06 May 2014
By Alastair Hughes, Asia Pacific CEO at JLL and a member of the company's Global Executive Board.
We are all now very used to hearing about globalization. And you only have to visit any major city across Asia to see that globalization is taking place in the retail industry. From Manila to Mumbai, Shanghai to Sydney and Tokyo to Taipei shoppers will increasingly come across familiar, established international luxury brands, more affordable high-end goods from companies such as Coach and Kate Spade, as well as mid-tier offerings from the likes of Zara and Abercrombie & Fitch.
Buyer and seller
International retailers are looking to expand in Asian markets, because they believe in the Asia growth story. Ongoing rapid economic growth means rising urbanization and living standards, a growing middle class, higher incomes and with that, increasing consumer spending power.
At the same time, real estate investors are recognising this potential. In the past year, demand to buy retail real estate has rocketed. New capital raises, increasing allocations to real estate, and growing private capital as the world continues to recover after the global financial crisis resulted in over $21 billion being spent on retail real estate in Asia in 2013; that's up more than $6 billion compared with the year before. There is a lack of stock available for buying in the region, and this excess demand will keep prices high. There are signs that investors are moving up the risk curve to buy less core assets in markets, where perceived good value can be found. International investors in Japan, for example, are starting to look at locations outside of Tokyo.
Japan and China last year dominated trading activity in retail real estate, together making up nearly three quarters of total transactions in Asia. We think investor demand is going to focus on Japan again this year, helped by the devaluation of the yen, the uptick in economic growth, the spread of growth beyond Tokyo and the major cities, as well as investors recognizing the sheer size of the economy and the wealth of the Japanese population. In China, domestic investors are expected to remain strong buyers in the country, as the weight of domestic capital for investment grows. We also think international capital will target China, but focused on the upper-tier cities. Investors will look to avoid being exposed in remote and less transparent China locations, where prices remain relatively high on a comparative basis.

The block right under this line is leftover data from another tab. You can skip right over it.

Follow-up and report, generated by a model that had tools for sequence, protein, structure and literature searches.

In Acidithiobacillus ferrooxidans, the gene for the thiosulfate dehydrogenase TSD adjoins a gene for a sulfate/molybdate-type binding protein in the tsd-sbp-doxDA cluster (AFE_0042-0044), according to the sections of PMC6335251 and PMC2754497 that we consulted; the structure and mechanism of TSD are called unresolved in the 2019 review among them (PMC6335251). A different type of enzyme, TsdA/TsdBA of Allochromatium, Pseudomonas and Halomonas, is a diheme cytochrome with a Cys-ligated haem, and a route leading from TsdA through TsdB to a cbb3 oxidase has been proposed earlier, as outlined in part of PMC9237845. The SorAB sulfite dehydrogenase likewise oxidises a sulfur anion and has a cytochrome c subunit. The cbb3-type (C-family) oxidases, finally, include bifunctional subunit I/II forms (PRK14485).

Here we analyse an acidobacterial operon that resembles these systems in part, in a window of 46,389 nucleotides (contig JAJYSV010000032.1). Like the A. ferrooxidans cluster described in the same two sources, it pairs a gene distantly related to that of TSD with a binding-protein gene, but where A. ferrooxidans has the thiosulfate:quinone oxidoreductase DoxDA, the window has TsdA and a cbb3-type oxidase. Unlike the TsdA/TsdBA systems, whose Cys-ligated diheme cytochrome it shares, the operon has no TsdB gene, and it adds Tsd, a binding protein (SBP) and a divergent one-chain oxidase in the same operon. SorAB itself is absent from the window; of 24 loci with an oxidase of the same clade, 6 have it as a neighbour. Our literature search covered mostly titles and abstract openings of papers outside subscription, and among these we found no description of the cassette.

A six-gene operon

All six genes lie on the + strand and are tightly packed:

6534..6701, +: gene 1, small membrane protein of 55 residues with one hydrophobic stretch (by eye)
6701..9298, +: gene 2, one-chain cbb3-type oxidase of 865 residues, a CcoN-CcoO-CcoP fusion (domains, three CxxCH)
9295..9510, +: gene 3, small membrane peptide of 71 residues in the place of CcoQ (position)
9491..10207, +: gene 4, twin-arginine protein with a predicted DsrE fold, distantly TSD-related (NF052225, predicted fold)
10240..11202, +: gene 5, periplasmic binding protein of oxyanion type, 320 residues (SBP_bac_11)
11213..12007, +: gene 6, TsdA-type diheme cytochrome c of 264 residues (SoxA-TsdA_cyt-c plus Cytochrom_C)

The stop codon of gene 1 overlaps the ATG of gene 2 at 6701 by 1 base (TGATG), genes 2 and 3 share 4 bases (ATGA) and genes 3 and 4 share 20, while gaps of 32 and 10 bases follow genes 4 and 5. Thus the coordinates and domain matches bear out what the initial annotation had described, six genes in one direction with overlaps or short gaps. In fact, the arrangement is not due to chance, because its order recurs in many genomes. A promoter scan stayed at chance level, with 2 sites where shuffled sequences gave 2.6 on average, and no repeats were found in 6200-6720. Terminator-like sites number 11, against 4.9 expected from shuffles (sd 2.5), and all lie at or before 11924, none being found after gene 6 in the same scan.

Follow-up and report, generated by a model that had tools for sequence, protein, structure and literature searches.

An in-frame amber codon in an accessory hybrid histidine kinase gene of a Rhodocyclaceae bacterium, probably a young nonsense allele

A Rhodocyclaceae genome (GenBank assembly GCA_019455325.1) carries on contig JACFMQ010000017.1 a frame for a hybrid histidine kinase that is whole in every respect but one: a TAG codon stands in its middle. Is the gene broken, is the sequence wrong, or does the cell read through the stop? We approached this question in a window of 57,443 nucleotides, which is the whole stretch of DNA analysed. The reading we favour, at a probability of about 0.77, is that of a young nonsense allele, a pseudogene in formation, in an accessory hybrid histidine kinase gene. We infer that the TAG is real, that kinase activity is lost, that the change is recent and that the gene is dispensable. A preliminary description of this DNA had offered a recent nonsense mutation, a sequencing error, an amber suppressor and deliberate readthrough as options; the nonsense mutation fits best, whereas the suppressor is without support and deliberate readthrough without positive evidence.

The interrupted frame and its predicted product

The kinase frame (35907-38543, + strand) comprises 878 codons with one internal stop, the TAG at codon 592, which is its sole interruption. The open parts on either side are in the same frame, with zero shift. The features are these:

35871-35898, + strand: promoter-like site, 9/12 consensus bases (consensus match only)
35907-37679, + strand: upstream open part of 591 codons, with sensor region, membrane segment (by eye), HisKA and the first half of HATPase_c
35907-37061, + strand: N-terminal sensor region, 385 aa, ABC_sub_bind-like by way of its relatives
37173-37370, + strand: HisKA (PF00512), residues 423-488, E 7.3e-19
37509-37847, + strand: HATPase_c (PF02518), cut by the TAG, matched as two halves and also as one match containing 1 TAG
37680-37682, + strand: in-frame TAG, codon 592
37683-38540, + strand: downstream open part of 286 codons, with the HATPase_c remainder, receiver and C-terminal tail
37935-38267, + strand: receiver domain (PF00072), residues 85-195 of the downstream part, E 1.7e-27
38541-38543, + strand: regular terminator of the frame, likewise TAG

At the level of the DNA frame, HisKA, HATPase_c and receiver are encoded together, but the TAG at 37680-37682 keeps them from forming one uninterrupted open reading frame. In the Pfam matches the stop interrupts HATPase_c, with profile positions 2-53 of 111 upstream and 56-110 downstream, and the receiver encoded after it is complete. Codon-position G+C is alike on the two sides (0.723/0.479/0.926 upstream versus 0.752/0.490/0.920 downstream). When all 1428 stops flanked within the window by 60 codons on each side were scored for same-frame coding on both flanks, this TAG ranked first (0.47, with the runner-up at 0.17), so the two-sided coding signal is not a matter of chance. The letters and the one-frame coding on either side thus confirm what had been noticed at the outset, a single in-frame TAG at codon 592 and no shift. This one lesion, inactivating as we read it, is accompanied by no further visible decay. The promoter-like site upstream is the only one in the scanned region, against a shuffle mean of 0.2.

Do your homework
Factors such as location, transport links, design and ambiance, brands on offer, food and entertainment that's available, all contribute to the overall shopper experience and can make or break a mall. Investing in a mall or shopping center is not just about owning a building -- it's more akin to owning a business and a specialist one at that. Investors have to be aware of demographics, and the importance of marketing. For a mall owner, the success of their retail tenants is to some extent reliant on the quality of the management, in a way that just does not exist in the office sector. Throw in the challenges presented by e-commerce, which is booming in Asia, plus the fact that many retailers are using their stores as much to build their brands as they are to sell their products, and you have a pretty complex business to manage.
More so than any other types of property, there is the propensity for investments in retail real estate to go badly wrong if investors fail to do their homework when purchasing, or don't have the necessary skills to appropriately manage buildings once acquired. Historically in Asia, developers have built and the retailers have showed up. But because of continuous shopping center development and e-commerce expansion, retailers are becoming more discerning. Get it right however, and it's a very different story.
Location, location ...
While shopping malls are complex in nature, they are attractive to investors because they are one of the few asset classes that can be managed to produce significantly higher returns. Owners with specialist knowledge and true asset management capabilities will be able to drive superior returns from a multi-let retail asset compared with many of their peers owning long-let office or logistics assets.
For retailers, the huge prize of access to the vast and growing consumer base of Asia is compelling. The macro story is incontestable. Understanding the micro story, market by market, street by street, is, however, just as important and far more challenging. Each market has different laws governing access to international retailers, different property dynamics and different consumer buying preferences.
For those looking to set up or expand retail outlets in Asia, or those looking to invest into retail real estate, a good starting point is to be guided by that old property adage -- location, location, location.
This article first appeared in the Nikkei Asian Review